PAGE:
Families can have divergent meanings for us, a truth we recognise as we move through the roles ascribed to us from when we joined them. Individual members may provide the source of much angst at various times, however, we all have a commonality that we share in our families of origin, whether they’re known or not. What is your story? What is your family? How do you epitomise your journey through life with these people? Would you even like them if they weren’t related to you? And what do you make of traditions, of family traditions? Are they part of your life? Do you continue these or remake them afresh? What are your thoughts about continuity and change? What are the values that your family and you uphold, maintain or even reject?
And what about my family? Well, I make it up as I go along – partnering, parenting, being a ‘role model’ and all that, mostly because I didn’t have any of the normal ones when I grew up. My role as a mother and wife I can create, I can carve out that story, inscribe my kind of experiences on that. But my family of origin? That’s a mixed bag; that story is coloured with migration, madness, separation, divorce, extended family life, highly problematic relations and trauma. Hence the blog.

This blog entry has come about partly in response to the lovely Blacklight Candelabra’s https://blacklightcandelabra.wordpress.com/2015/02/16/divergent-meanings/ ongoing and very entertaining attempts at roping people in to write about themes (a much admired effort I have to say), and partly because I received a message on my phone today that said: “Family Picnic in one month’s time at a park near the city. BYO everything. We’ll have a BBQ, see you then”. My heart sank as I began to envisage excuses to not go. We may go, but why bother? I feel that by attending I’m only really there to provide completeness to my extended family’s version of that which constitutes ‘our family’. If I’m not there, and my husband and children aren’t there, there’ll be a gap. OK, only a gap of four, but a gap nevertheless that, like all family stories if not inscribed by truth will have to made up, imagined, alluded to, supposed about and decided on in my absence because it will have to be filled one way or another. This is because of the nature of families: families are fulsome things and cannot tolerate a void.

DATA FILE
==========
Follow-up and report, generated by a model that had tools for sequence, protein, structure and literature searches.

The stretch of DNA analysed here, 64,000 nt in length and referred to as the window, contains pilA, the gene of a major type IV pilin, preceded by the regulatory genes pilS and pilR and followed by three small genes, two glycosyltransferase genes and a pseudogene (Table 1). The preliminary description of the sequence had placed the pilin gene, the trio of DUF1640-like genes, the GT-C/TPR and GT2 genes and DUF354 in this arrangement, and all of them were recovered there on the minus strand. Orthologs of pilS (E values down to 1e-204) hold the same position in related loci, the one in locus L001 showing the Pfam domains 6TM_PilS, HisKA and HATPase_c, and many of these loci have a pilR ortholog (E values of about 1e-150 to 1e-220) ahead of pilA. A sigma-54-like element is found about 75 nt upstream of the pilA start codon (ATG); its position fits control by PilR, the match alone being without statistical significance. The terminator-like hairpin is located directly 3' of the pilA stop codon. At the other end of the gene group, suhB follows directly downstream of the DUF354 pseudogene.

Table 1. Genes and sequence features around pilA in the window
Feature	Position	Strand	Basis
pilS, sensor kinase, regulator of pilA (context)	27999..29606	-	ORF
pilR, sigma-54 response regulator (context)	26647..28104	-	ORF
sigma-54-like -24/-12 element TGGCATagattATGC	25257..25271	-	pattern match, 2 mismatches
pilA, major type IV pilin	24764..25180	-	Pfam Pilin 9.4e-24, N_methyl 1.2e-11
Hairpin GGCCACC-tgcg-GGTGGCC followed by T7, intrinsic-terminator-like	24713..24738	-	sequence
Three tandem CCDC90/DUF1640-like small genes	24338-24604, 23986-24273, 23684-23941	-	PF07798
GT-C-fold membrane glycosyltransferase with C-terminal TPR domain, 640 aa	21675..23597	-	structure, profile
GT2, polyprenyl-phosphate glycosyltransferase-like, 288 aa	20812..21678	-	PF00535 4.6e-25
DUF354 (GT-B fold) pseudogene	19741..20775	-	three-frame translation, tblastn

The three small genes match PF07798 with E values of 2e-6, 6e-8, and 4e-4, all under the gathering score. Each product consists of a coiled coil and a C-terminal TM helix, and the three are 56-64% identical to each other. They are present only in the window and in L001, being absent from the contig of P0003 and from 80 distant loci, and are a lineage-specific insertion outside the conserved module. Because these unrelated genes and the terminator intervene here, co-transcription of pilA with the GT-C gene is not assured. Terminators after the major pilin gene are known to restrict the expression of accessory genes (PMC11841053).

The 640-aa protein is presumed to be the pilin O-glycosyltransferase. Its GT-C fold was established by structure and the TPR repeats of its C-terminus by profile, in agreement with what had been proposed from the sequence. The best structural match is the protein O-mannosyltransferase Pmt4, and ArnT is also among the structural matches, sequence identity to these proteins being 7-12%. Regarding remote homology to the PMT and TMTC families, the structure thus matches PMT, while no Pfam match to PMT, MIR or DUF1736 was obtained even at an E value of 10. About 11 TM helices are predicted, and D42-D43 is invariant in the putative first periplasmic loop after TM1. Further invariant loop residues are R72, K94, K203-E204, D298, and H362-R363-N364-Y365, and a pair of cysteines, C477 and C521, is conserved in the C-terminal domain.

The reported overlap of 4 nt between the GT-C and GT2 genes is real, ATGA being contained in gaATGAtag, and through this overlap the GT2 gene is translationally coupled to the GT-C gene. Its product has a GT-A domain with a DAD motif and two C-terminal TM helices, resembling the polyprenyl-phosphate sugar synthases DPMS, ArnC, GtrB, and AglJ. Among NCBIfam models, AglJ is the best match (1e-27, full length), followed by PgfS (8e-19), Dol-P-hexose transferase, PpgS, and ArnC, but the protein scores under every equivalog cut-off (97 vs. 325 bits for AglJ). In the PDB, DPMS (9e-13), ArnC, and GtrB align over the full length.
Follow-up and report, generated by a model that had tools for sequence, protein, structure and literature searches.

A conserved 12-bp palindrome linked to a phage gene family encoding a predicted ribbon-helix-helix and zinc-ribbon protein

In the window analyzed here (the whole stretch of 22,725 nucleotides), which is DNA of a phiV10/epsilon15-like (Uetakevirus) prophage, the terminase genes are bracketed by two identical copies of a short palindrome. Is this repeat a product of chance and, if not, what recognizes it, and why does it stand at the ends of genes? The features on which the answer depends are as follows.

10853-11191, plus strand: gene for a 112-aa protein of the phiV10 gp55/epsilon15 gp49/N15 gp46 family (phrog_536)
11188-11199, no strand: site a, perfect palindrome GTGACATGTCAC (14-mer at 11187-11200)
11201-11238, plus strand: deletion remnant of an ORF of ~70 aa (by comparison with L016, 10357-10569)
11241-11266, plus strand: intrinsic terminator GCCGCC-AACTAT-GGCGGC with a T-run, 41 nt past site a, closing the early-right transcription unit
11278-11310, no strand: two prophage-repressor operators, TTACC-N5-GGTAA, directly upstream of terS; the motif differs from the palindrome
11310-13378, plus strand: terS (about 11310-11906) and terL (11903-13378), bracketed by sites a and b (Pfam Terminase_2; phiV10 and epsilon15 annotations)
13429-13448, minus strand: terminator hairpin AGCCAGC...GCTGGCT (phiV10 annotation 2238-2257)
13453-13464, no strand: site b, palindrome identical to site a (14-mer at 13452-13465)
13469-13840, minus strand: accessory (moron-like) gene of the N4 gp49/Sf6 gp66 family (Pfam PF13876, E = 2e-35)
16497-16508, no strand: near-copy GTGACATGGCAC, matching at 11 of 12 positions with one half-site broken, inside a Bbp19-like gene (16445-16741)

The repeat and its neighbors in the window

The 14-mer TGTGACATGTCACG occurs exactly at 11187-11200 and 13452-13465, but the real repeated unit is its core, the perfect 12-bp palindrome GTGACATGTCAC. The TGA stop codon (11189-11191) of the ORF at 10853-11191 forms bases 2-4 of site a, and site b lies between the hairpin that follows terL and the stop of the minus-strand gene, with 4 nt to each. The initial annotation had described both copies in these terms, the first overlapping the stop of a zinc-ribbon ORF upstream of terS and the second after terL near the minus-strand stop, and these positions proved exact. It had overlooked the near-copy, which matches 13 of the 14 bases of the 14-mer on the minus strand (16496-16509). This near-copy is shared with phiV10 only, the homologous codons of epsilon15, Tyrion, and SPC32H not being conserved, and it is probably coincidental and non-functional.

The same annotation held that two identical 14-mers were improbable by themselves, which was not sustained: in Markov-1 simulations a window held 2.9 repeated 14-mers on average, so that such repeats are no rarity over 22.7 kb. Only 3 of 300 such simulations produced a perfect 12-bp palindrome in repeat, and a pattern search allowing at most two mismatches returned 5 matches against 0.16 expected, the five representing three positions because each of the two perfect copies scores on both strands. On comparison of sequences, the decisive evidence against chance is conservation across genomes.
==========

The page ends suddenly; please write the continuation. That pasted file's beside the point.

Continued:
Families also don’t get mobile technology: the message came through from someone who had clearly forgotten that all the text messages that I’d received from her over the past few years were still on my phone (and probably a trail of these not-so-cute messages in clouds existed on her phone too). All it takes is a little scroll to remember the recent past, remember the last time we’d had contact and all that was said, or written. Oh, families can make your blood boil.

But that’s only when you look backwards. It’s true that it can also happen when you look forwards, but when you look to your own partner, your own children and your life in your own family, in your own (or at least the bank’s) home, you get to have a lot more say about what happens, where you go, who you see, what you do, and what happens to your own body. You can invent, create and carve out your own future in a way that the nearly dead, asphyxiating, hardened, gossiping, entrenched attitudes that came into existence and killed off your opportunities in life before you even entered the room can never do. Families can be a source of love, but they can also be a million other things that affect who you are and how you live right into the future. However one thing remains the same, the word remains loaded and while common meanings may attach themselves t the word, our experiences of families depends on our place in the queue, our perspective and our experences.